The ICO tells London Estate Agency: Companies must accept that they have a legal obligation to both protect and keep secure the personal data they are entrusted with. Where this does not happen, we will investigate and take action.
A London based estate agency has been fined £80,000 by the Information Commissioners Office for failing to keep the data of their tenants safe.
For two years, London based estate agency, Life at Parliament View Ltd, failed to prevent a security breach, which left the personal data of 18,620 customers exposed for almost two years. The breach happened when the company transferred personal data from its server to a partner organisation and failed to switch off an Anonymous Authentication function.
What is Anonymous Authentication?
Anonymous Authentication controls how internet information services processes requests from anonymous users. This feature gives users access to the public area of a website without prompting them for a user name or password.
The failure by the estate agency meant access restrictions to all data stored between March 2015 and February 2017, meant access restrictions were not implemented and anyone going online had full access to all personal data. The data exposed included personal information such as bank details, bank statements, salary details, passport information, birth dates and addresses.
Following the breach, the ICO launched an investigation and uncovered a ‘catalogue of security errors’. They found that the agency had failed to take appropriate security measures against the unlawful processing of personal data. The ICO says that the Estate Agency only alerted them to the breach when it was contacted by a hacker. As a result they say the breach was a serious convention of the data protection laws.
Director of Investigations at the ICO Steve Eckersley said: “Customers have the right to expect that the personal information they provide to companies will remain safe and secure. That simply wasn’t the case here. As we uncovered the facts, we found LVPL had failed to adequately train its staff, who misconfigured and used an insecure file transfer system and then failed to monitor it. These shortcomings have left its customers exposed to the potential risk of identity fraud. Companies must accept that they have a legal obligation to both protect and keep secure the personal data they are entrusted with. Where this does not happen, we will investigate and take action.”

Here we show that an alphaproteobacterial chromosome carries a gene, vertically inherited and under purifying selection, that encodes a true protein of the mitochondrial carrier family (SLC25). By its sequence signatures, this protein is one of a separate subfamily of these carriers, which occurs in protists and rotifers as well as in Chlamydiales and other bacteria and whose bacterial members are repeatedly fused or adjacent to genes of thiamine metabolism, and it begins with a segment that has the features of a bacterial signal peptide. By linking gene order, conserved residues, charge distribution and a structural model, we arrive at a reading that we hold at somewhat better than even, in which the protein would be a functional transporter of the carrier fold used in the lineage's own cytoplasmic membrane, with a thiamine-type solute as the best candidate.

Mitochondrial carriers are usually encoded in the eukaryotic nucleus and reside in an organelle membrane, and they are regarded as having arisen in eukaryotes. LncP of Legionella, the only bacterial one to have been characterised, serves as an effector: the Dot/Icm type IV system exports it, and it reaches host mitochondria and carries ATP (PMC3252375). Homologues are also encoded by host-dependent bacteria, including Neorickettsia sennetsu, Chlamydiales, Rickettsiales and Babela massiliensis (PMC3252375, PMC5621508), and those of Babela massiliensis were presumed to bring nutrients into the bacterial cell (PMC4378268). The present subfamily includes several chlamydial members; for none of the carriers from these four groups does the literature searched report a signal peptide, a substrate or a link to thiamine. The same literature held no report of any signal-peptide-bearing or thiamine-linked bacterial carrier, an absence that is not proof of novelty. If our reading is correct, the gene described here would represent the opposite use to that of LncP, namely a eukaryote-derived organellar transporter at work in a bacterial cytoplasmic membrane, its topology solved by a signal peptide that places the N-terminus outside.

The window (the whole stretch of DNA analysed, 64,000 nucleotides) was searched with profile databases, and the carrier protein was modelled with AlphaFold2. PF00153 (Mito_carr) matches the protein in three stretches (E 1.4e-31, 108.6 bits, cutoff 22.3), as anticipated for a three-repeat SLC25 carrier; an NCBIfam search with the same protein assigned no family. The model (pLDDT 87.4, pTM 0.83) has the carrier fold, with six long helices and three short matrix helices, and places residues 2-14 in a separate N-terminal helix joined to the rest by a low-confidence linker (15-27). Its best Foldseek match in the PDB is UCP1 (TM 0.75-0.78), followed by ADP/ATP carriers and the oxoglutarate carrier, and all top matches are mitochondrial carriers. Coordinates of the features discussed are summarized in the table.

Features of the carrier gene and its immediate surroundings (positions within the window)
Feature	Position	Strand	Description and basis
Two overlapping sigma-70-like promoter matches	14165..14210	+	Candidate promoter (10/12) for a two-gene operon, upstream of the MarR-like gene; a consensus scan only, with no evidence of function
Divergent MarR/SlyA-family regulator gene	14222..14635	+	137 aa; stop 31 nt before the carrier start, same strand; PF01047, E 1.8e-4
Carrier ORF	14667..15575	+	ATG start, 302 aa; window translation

What is a data Breach?
A data breach occurs when sensitive and confidential information is accessed by a third party who is not authorised to do so. This data can include things such as passwords, credit card numbers, health records or addresses. The most common way hackers gain access to a system, is by guessing a password or by installing malware. Data breaches can range in size, from a single individual accessing a file, to millions of company records being stolen. How someone is affected by a data breach depends on the information that is accessed and released. The best way to protect your data is to change your password regularly and not store sensitive information on your computer.